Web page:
Solar Investor
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Everything posted by solarpete

  1. Good point. That's usually my downfall--I buy too much, too early. You once opined CSIQ could drop below 10--I wouldn't rule that out.
  2. Agreed--I'm looking at it as a trading vehicle only as well. It was bouncing around quite a bit a couple of months ago, which made it suitable for trading. But it's been in an extended downtrend for a while now, which even good earnings did not reverse.
  3. Did you catch the analyst's "success rate"? 44%. Worse than flipping a coin. I'm beginning to think I'm in the wrong business....
  4. Good question! I for one don't think it's a terrible investment (I have some), but it's not getting the respect it should. They're making money, blew away earnings estimates last quarter, and even guided to continued growth next year--but because the rate of that growth is now seen to be 20%, instead of 100%+, they sold off along with everyone else. With a trailing P/E under 6, and a forward P/E lower than that, they should be a good buy right now. Beats me how RUN trades below 5, but FSLR is worth 30 (well, 29 now)....
  5. Not sure there's much to say. Until we see ASPs stabilize, manufacturers are going to struggle. Installers should be doing better, but only Sunrun appears to be making any money, and the market (well, the Motley Fool, anyway) hates their continued reliance on leases.
  6. Yup, saw that. The one bright spot. Will wait a few days to see where the bottom is, then may buy a trading position. (Although JKS is dropping as well--depending on how low they go, I may use them for that trading stake instead.)
  7. That's what we all thought about the previous glut. Didn't happen then. Makes me very nervous that it won't happen now either.
  8. The problem isn't demand, despite the word "glut" still being used frequently. JKS certainly isn't seeing a glut, at least not for its products. The problem is falling margins, requiring ever-increasing shipment volumes to maintain the same level of profit. Usually, as shipments rise, so do profits. Not so for this industry. That trend has to eventually change--to use a calculus analogy, you can't reach the limit of infinite shipments with infinitesimal profits per unit shipped. The question becomes, what happens to each individual company as we approach that limit? Do they go under, or do they survive and emerge into a new, stable balance between ASPs and costs? And when does this happen?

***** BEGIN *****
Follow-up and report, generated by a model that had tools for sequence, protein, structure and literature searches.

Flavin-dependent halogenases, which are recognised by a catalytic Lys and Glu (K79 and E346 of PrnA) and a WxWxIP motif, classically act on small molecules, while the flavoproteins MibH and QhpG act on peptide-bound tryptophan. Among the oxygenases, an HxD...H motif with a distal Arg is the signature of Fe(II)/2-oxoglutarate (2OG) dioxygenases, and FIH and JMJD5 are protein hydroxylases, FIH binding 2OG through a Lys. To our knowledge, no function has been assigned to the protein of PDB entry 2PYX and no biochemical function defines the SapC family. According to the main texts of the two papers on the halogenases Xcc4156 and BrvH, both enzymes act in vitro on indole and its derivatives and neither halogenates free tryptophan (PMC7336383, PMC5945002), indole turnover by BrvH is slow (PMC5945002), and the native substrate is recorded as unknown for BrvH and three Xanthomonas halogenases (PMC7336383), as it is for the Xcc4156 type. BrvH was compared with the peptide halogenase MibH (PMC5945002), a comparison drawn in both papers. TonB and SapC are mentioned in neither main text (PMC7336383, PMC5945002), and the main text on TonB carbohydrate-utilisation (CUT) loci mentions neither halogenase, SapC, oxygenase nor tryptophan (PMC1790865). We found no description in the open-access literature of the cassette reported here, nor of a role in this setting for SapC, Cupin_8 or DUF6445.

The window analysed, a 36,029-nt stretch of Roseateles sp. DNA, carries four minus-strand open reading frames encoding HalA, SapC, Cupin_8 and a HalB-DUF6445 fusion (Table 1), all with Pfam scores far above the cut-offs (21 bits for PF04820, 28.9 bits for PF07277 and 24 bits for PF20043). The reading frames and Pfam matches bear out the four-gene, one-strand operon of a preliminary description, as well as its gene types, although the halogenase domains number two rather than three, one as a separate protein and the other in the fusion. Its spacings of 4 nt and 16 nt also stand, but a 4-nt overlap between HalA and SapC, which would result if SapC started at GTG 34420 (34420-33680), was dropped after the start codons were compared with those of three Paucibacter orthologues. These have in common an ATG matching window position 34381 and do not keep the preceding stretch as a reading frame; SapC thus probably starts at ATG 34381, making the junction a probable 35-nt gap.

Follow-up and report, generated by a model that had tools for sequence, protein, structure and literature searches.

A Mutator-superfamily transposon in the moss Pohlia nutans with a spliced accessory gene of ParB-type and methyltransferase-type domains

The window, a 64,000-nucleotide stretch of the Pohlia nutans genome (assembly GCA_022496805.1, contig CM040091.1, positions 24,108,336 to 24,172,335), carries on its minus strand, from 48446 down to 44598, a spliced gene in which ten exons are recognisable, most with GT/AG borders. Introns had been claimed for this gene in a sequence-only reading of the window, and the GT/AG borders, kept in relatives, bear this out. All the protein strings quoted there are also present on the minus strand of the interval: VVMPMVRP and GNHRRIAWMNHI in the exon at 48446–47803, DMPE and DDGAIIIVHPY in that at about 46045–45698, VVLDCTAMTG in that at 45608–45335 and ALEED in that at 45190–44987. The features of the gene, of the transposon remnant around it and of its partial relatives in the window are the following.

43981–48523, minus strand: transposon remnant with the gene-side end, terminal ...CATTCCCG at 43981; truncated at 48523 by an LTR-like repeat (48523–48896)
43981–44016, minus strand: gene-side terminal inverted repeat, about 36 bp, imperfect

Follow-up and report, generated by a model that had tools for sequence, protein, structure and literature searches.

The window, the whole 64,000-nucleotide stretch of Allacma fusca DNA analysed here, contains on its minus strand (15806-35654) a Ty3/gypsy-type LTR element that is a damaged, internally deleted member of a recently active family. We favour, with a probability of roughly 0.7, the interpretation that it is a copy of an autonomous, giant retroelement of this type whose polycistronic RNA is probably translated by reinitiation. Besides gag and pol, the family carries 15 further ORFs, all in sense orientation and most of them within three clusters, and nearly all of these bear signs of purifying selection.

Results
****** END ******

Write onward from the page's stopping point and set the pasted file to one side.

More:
9. Good analysis. Thanks! ASPs dropping by 28% in one year--ouch! As long as ASPs were high and costs were high, dropping ASPs could be mitigated by lowering costs. But now that both ASPs and costs are quite low, do you have any insights on how much further can costs be lowered?
  10. Yes, I hold CSIQ, both a position from a much higher price and a trading position from the mid-15s (where I thought the bottom was a few months ago). If it drops after ER, I'll likely buy another trading position, as long as their guidance isn't dismal. I agree the market isn't always rational. But in this case, with expectations being negative, I think a drop before ER is logical. (It's also why I'm not buying more before ER. We might see a double whammy--a drop before ER based on poor expectations, and a further drop after ER if those expectations are confirmed.)
  11. I don't know. I just know you're pretty negative on all manufacturers right now, and since you're a bona fide expert on the industry, I expect analysts and knowledgeable traders to share your views (that is, you all come to more or less the same conclusions). So I'm surprised that you're surprised that CSIQ sells off prior to its ER, given the poor expectations.
  12. In other words, no change from current trends? Manufacturers to continue to barely break even, needing huge volume because of razor-thin margins? Great... (sarcasm)
  13. I thought you're expecting them to report lousy numbers? If others think the same, isn't this drop expected?
  14. It's been a few years since I played JASO, but if memory serves, they usually sold off on earnings day. Maybe that's changed in recent history?
  15. It's true that without the buyout, TSL would likely be much lower--but they would also have the potential to rebound to the mid-teens and higher. Indeed, management must be pretty certain that's where they're headed, or they wouldn't have offered a buyout in the first place.
  16. Yeah, can't say I'm really happy about that. Seems company management shouldn't be rewarded for tanking the stock price through poor management, then reaping the benefits of that with a low-ball (compared to previous prices) takeout offer that leaves earlier investors with losses. Not sure you could outlaw it, though.
  17. It will help, in any case. We'll see soon enough what 1Q17 brings in terms of profit or loss--the quarter is nearly over already. One early indicator may be when companies announce their earnings reports--the pattern for many seems to be report early in the period if you have good news, wait if it's bad. Or maybe that's just my perception?